And those new games that are legitimate hits - the PixelJunk Monsters and Pac-Man CEs - can promote the final days of their stint on the market as a carrot (or stick disguised as a carrot), prodding fence-sitters to make the leap before it's too late.

After a negotiable time out of print, a game can be revived - a classic in true Disney fashion - and promoted as yet another limited time offering. If the developer has made modest modifications in the meantime, then all the better to advertise the product as a remastered improvement over the original.

For consumers, there will be some discomfort in adjusting to artificial scarcity. Buyers will either have to purchase games during the availability window, or suffer some regret at letting the deal slip away. Moreover, the higher prices will make impulse buys less likely. In return, consumers will browse a less daunting catalog of wares, increase exposure to lesser-known games and genres.

Undoubtedly some software (the aforementioned "shit") will suffer under this system. After a bad game ends its time in the marketplace, there would be little incentive to bring it back. That's just as well, since the garbage filling up the system now serves little purpose. Artificial scarcity provides a convenient means of purging the system of unwanted games and then keeping them out on the basis that they didn't warrant a second publishing.

A New Secondary Market

Publishers no doubt see digital distribution as a means to rid itself of the used game market, which some contend cuts into publisher profits. Whether this is true or not should be a discussion for another time.

But this new artificial scarcity opens up an opportunity for a publisher-controlled secondary market where the used version of a game need not compete with the new version.

Imagine that a popular game -- say flOw on the PlayStation Store -- is put into the vault. Now Sony opens up a section on the PlayStation Store where existing owners of flOw can sell their license to another user.

The existing owner can set the price (according to demand), prospective buyers can shop around for someone willing to sell at a lower price, and Sony can take a small percentage for providing the means of commerce. When flOw comes back on the market, the used copies on the store are removed, of course.

Existing Scarcity Experiments

I'd love to make a financial argument based on hard data, but that's just not possible. The numbers behind the current digital markets are nebulous, to say the least. All we know are that prices are generally low and the truly high-quality titles get lost among the mediocre-to-poor. The gatekeepers - Sony and Microsoft and Nintendo and Valve and Turner - are in the best position to know whether artificial scarcity might have a positive impact on bottom lines.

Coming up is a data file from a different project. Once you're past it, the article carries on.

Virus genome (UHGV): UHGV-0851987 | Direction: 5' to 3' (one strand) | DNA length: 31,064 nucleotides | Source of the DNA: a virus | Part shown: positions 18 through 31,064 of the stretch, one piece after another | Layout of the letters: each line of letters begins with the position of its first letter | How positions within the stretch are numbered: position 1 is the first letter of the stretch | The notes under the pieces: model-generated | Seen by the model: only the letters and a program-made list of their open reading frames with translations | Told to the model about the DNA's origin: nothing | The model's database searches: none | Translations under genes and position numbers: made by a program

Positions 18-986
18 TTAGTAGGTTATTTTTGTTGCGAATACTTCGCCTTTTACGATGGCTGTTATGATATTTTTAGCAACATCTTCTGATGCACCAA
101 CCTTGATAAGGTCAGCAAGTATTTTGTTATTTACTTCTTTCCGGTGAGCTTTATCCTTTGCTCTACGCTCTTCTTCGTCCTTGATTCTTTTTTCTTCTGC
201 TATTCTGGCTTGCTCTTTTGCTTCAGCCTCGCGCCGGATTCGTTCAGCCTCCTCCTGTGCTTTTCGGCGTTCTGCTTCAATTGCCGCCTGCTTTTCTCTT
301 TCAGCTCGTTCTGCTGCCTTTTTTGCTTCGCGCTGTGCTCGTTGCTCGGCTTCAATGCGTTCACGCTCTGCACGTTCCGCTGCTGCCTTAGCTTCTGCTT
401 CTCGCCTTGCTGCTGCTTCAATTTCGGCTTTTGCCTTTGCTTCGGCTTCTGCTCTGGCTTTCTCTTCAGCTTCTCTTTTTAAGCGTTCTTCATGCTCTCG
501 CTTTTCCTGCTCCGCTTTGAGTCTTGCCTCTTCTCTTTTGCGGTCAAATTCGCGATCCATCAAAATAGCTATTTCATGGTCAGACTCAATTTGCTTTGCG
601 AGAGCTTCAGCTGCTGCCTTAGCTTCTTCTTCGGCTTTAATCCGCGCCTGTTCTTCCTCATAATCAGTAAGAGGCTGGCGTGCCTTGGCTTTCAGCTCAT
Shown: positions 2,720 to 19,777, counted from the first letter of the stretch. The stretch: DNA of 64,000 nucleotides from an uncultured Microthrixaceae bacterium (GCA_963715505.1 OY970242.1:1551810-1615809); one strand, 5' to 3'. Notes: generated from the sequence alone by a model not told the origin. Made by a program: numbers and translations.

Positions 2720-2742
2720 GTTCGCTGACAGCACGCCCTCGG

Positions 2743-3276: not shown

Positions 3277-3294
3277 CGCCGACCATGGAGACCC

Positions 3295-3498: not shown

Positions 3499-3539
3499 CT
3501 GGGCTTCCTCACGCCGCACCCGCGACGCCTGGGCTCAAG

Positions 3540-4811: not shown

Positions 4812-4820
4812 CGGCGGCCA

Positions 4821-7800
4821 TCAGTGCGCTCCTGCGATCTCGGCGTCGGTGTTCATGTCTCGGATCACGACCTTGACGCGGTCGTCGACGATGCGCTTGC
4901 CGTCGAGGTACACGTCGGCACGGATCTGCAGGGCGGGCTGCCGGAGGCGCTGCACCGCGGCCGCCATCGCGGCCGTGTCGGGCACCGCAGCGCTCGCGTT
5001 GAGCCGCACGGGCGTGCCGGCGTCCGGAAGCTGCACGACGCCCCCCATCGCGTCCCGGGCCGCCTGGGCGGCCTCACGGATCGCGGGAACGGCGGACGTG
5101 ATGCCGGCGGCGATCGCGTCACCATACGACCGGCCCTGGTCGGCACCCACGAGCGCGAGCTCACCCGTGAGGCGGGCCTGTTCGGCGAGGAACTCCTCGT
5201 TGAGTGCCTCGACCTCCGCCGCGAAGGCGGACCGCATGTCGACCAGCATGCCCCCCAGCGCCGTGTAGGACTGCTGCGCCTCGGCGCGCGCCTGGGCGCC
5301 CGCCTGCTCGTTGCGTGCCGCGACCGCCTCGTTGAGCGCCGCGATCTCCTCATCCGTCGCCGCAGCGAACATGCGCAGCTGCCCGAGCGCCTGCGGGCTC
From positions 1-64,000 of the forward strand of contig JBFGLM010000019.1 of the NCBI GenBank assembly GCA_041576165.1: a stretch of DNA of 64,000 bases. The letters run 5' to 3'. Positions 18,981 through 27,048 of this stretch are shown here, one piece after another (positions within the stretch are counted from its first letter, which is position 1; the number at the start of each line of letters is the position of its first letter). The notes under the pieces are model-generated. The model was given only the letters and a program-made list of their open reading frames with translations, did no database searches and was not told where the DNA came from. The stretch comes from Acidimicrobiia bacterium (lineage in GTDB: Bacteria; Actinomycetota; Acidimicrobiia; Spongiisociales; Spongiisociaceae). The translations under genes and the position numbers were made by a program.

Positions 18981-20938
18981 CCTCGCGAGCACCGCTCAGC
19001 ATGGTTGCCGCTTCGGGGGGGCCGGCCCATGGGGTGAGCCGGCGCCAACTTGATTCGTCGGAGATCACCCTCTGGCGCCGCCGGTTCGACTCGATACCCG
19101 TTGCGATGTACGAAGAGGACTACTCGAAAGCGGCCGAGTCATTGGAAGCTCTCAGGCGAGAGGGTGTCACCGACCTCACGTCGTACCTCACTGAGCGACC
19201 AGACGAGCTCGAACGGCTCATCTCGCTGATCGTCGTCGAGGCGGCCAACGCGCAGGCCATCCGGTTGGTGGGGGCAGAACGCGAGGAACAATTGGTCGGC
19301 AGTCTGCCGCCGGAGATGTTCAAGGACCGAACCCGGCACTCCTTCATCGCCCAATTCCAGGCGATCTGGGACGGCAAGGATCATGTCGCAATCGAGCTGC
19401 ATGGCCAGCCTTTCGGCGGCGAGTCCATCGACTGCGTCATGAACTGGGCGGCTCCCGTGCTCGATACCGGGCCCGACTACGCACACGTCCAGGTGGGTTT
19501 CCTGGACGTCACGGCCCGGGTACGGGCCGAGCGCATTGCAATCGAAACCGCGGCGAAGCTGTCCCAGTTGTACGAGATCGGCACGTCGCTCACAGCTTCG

However, there are some small experiments with limited availability right now. Nintendo has just started making demos for the Nintendo DS available through the Wii's online service. While some demos may be available permanently, some are already slated to be removed from the service.

For its part, Sony will be offering additional levels for echochrome, its Escher-inspired puzzle game, for only a limited period of time. And GameTap has an advertisement-driven client that offers certain games for free for a period of time, after which those games are available only with the subscription-driven client. Finally, Valve has scheduled weekends during which some games on Steam are free to play.

In each of these cases, the companies controlling the platforms are getting data on how limited availability translates into sales. I'm suggesting that at least one company take it one step further: follow Disney's vault/moratorium model and start training your consumers to buy early and often.


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Comments


Leo Gura
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Interesting proposal, if not somewhat at cross-purposes with the digital revolution: the beauty of information is that it isn't inherently scarce.



I wonder if Disney's "vault" strategy actually makes them more money than the typical strategy that other publishers take with their classic movies.



The problem with Disney's approach is that it requires extra advertising expenditure. We need ways to reduce the 1st publishing cost, not double up on a 2nd. These extra costs seem justified only for classic "gem" titles, and if that's the case, implementing this solution will only reduce the quality of available titles -- removing the gems and leaving behind only the "crap".



I like that this is a think-outside-the-box approach, but it seems more like a band-aid than a cure. There's always going to be a ton of crappy games -- especially as the market widens, catering to consumers with dissimilar tastes and interests.

Peter Park
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While it is an interesting proposal and an insightful one (I didn't know Disney's marketing strategy until now), I have to wonder...



What about format of games? Clearly, it's not as easy for games to be ported over from one format to another, and I'd imagine the price for port is much higher than that of linear entertainment like animated films.



And also, good games that were not comercially successful gets traded online at a high price anyways.



Now let me see if I can get my hand on Sega Saturn and Guardian Heroes...

Anonymous
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I have to agree that it's a neat thought but I don't think this would really work well in an online environment. One of the reasons being, I personaly found disney's strategy kind of insulting.



I say this, because part of why they do this is to make the same consumer rebuy the same movie at a likely higher price just for their pocket. Now don't misunderstand me. I'm all for retouched and restored titles and so forth being released. But in all honesty if you have a DVD of say, the lion king do you really need to go purchase the brand new blueray version? No. You don't. You own the movie and most players still play it so what's the point?